“Only the strong survive…” It’s such a beautiful title. And it’s so much more than a play on the “survival of the fittest” moniker deeply rooted in Charles Darwin’s evolutionary theory. It’s not just a play on words either. It’s a very literal translation of one of the single-most important factors dictating how long and how well you live your life: Muscle Strength. Yes, you read that correctly. If you don’t believe it, just wait ‘til I reveal all the fascinating, if not surprising, ways that building (and maintaining) strong, healthy muscles helps you kick butt and take names through a long, productive, and meaningful health span.
The Relationship Between Muscular Strength and Longevity
If I were to ask you what the most important factors and predictors of living a long life are, what kinds of things come to mind? Genetics? Sure, they play a role (much less than you might think, though). What about lifestyle factors?
Is weight management—especially belly fat—on the tip of your tongue? How about nutrition? Gotta eat your fruits and veggies, no? Social support and connectedness? Surely. Stress, don’t you think? Oh, and exercise, especially good ol’ cardio, right?
What about muscle strength? Would that have even been on your radar had it not been for the title? I suspect that most people would be quite surprised to learn that muscle strength is one of the strongest predictors of how long you will live.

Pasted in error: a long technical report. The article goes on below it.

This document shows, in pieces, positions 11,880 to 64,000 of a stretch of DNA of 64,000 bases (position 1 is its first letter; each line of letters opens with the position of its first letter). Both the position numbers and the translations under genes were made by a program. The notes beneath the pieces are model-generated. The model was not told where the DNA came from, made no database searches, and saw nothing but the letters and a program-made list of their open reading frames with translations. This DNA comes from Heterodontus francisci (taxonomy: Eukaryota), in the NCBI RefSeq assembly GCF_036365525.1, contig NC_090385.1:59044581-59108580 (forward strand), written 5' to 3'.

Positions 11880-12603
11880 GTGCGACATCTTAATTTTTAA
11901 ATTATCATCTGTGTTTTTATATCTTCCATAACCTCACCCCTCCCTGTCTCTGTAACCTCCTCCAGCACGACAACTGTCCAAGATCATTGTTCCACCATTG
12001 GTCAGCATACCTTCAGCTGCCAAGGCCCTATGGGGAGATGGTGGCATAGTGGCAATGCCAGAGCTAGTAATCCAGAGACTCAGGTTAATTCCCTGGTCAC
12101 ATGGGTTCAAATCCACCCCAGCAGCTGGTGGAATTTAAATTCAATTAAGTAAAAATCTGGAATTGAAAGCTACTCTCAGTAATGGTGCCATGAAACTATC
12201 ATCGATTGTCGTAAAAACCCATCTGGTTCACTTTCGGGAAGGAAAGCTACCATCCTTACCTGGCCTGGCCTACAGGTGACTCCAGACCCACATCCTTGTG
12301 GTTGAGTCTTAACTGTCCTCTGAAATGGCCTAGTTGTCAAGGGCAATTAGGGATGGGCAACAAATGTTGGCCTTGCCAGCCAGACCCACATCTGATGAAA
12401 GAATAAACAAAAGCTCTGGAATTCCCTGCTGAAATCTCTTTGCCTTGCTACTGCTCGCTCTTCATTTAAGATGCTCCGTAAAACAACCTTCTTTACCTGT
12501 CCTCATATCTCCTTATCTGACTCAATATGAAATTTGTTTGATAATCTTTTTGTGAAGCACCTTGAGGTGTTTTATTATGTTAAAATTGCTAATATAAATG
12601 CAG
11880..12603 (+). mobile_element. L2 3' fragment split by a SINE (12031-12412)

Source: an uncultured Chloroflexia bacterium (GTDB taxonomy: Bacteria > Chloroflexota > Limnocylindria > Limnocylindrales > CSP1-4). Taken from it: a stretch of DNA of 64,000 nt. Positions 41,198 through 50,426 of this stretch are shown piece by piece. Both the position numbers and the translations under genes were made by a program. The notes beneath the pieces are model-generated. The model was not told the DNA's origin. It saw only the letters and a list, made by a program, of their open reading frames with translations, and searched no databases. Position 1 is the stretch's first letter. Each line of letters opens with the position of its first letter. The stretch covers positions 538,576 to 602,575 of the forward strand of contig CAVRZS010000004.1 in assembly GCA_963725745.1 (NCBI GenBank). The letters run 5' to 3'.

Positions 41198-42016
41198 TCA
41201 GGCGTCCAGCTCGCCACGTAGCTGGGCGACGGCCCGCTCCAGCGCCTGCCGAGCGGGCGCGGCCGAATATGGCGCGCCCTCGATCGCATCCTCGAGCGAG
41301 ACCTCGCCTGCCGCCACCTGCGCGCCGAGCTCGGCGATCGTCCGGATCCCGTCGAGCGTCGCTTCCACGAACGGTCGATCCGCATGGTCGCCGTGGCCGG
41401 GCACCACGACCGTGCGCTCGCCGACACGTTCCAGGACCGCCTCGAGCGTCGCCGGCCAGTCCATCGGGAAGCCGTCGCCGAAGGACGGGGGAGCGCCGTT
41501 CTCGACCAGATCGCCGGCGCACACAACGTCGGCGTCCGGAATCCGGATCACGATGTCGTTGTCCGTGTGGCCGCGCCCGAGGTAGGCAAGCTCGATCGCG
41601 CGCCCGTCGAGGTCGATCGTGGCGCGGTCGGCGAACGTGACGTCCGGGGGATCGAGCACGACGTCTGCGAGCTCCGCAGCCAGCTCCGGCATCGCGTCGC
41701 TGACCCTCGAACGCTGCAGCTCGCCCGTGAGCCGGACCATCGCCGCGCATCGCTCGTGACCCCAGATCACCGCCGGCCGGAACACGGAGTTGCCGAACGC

A seminal review study, which involved 8,762 male participants who were followed nearly 19 years (it ended up involving 165,251 person years of observation), published in the British Medical Journal, found that “muscular strength is inversely and independently associated with death from all causes and cancer.” And that was even after taking into consideration other confounding factors like cardiorespiratory fitness. 1
I’m not just talking about statistical significance. I’m talking about game-changing significance. For example, men in the lowest third of muscle strength—which was quantified by bench press (upper body) and leg press (lower body) performance—had a 50% greater rate of death during the study period compared to men in the middle and upper thirds of muscular strength. What’s more, low muscular strength was associated with an 83% increased risk of death from cardiovascular disease and 45% increased risk of death from cancer compared to stronger men.
Since that remarkable study was published, even more evidence has mounted highlighting this important connection between muscular strength and lifespan. For instance, a recent study published in the journal Medicine and Science in Sports and Exercise, which included 4,449 participants (≥ age 50) from the National Health and Nutrition Examination Survey, found that death from all causes was 2.66 TIMES higher in folks with low muscle strength. 2